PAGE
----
Citing the dangers of proliferation of trafficking, Office of Attorney General (OAG) asked the Supreme Court (SC) to convict a man who was alleged of abusing Spasmo Proxyvon plus (SP+), a drug not listed as banned substance in the Narcotic Drugs, Psychotropic Substances and Substances Abuse Act of Bhutan (NDPSSA) 2015.

The Mongar district court and the High Court sentenced the man to nine and a half years in prison for the offence. The man appealed to the SC.

OAG prosecutor said that while the SP+ may be different from the banned Spasmo proxyvon (SP), the two substances had the same effect on consumers. So he urged the court to consider the substances same and penalise the man for the alleged offence.

Police arrested the man at Korila, between Tashigang and Mongar, in May 2016 with 115 tablets of SP+.

The prosecutor said that the person did not have a prescription to use the drug and the quantity exceeded the permissible limit of 10 tablets.

He said that the mischief rule, a certain rule that judges can apply in statutory interpretation in order to discover the intention of the act, should be applied to the case.

The application of the mischief rule gives the judge more discretion as it allows him to effectively decide on Parliament’s intent.

“If the court does not punish such cases, then it would only create an opportunity for the undesirable illegal sale of the drugs, which could have an immense adverse impact in the society,” the OAG prosecutor said.

While the accused submitted that he had bought the substance at the request of another man in Mongar from Samdrupjongkhar, the courts did not accept the excuse.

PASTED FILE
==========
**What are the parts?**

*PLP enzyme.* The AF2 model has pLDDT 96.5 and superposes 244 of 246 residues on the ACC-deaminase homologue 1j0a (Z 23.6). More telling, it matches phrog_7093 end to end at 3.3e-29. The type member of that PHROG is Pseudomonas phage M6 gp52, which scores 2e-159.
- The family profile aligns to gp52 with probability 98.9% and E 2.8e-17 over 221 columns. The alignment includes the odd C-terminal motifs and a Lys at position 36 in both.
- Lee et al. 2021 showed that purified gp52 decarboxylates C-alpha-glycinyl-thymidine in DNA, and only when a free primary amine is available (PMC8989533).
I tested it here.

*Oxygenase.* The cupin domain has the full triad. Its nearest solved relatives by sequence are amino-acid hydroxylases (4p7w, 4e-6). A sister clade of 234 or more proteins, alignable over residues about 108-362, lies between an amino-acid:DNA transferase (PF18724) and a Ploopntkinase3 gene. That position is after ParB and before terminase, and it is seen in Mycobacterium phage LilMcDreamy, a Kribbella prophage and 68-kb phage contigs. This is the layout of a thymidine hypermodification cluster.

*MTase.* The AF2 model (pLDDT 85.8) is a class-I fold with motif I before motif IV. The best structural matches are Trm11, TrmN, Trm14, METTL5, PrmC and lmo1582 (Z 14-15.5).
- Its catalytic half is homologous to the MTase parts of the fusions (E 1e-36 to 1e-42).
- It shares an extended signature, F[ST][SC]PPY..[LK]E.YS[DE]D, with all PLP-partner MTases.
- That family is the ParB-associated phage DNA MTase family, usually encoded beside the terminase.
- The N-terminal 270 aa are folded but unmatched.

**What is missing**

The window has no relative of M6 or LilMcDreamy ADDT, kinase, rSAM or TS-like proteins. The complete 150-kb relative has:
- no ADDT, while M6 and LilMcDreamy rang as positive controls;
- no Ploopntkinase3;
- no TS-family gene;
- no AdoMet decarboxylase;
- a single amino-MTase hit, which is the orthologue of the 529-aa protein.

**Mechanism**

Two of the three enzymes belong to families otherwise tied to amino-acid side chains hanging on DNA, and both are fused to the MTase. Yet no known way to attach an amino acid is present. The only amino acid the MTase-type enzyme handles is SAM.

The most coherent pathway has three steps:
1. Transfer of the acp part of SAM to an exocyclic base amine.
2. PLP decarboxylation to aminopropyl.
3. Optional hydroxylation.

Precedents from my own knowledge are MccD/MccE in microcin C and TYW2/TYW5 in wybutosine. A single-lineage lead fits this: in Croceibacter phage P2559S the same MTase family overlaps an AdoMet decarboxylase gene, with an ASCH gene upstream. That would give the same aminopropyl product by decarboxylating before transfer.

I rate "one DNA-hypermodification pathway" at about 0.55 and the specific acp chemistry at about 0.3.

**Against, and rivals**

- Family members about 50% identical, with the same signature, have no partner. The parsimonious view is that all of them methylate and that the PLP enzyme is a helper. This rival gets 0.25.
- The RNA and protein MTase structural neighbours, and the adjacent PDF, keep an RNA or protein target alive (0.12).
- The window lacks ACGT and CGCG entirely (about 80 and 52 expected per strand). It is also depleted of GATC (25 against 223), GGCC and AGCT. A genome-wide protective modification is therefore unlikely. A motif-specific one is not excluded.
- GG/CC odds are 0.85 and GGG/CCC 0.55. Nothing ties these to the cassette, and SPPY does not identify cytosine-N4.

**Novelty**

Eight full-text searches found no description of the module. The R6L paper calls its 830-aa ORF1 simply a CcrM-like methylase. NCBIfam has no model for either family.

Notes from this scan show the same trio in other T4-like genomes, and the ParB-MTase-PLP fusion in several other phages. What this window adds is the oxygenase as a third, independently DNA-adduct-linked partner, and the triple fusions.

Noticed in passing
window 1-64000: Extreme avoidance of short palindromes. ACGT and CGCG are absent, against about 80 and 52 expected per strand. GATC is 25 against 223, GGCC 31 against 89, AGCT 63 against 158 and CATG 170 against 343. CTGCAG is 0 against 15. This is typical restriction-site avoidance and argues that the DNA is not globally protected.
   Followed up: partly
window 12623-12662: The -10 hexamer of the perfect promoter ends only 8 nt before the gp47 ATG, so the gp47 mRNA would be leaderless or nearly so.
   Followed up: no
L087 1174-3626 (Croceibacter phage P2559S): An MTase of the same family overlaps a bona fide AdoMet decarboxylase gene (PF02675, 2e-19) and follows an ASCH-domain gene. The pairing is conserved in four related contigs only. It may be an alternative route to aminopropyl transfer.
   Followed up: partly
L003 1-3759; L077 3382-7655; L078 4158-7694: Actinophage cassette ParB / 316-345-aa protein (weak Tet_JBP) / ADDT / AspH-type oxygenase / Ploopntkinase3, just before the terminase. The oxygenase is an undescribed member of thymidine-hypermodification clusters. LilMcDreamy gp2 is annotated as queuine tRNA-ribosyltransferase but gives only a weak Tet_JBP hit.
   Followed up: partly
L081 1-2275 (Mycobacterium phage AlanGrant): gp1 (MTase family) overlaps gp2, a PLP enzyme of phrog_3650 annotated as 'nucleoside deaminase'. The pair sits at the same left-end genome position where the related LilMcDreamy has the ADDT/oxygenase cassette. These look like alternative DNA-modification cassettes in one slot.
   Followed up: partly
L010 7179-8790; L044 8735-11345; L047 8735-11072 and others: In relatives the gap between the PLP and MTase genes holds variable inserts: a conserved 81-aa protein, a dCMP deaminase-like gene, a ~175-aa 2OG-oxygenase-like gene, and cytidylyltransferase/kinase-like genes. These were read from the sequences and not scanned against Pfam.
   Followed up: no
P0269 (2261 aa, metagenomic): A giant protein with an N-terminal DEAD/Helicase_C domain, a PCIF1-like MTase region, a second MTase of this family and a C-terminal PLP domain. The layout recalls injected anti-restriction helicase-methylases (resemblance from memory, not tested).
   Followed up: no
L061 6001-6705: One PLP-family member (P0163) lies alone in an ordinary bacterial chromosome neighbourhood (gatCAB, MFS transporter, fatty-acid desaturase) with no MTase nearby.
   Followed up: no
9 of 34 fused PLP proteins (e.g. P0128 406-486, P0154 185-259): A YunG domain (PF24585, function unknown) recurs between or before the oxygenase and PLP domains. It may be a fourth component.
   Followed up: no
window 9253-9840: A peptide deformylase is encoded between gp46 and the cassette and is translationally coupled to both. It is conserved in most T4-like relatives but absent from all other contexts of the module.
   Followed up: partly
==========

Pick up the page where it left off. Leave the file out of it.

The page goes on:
The defence lawyers, Yeshi Wangdi and Sonam Dendup, argued that there is no need to apply the mischief rule, as the rules are clear.

They said that there cannot be penalty without law.

The two defence lawyers said their client could be penalised as per the Bhutan Medicine Act 2003 but not the NDPSSA 2015.

“A careful scrutiny and an analysis of all the ingredients of the two drugs, SP and SP+, reveals that they are utterly different from each other by virtue of its varied component present in it,” a defence lawyer said.

He said while SP contains paracetamol, dicyclomine, and dextropropoxyphene, the SP+ contains dicyclomine, acetaminophen or paracetamol, and tramadol hydrochloride.

“None of the above ingredients of SP+ is restricted and controlled by NDPSSA 2015 under any of its schedules,” the defence lawyer said. “The two drugs have two common ingredients but these medicines being non-prescription do not require any prescription to possess. This proves that the two drugs are different.”

He said the question was if the substance in question, SP+ and its ingredients, are contraband substance under the Act and its schedule.

The defence lawyers submitted that while both dextropropoxyphene and one of the ingredients of SP+ tramadol contain opiate and asked why was it not listed as an illegal substance in the Act. “It was not a new drug as it was introduced by Germany in international markets in 1977,” a defence lawyer said.

“What I’m more worried about is that if individuals are being charged and penalised without any clearly written and publicly disclosed laws, it may violate the very principle of rule of law,” a defence lawyer said.

The closing hearing will be held on May 18.

Tshering Palden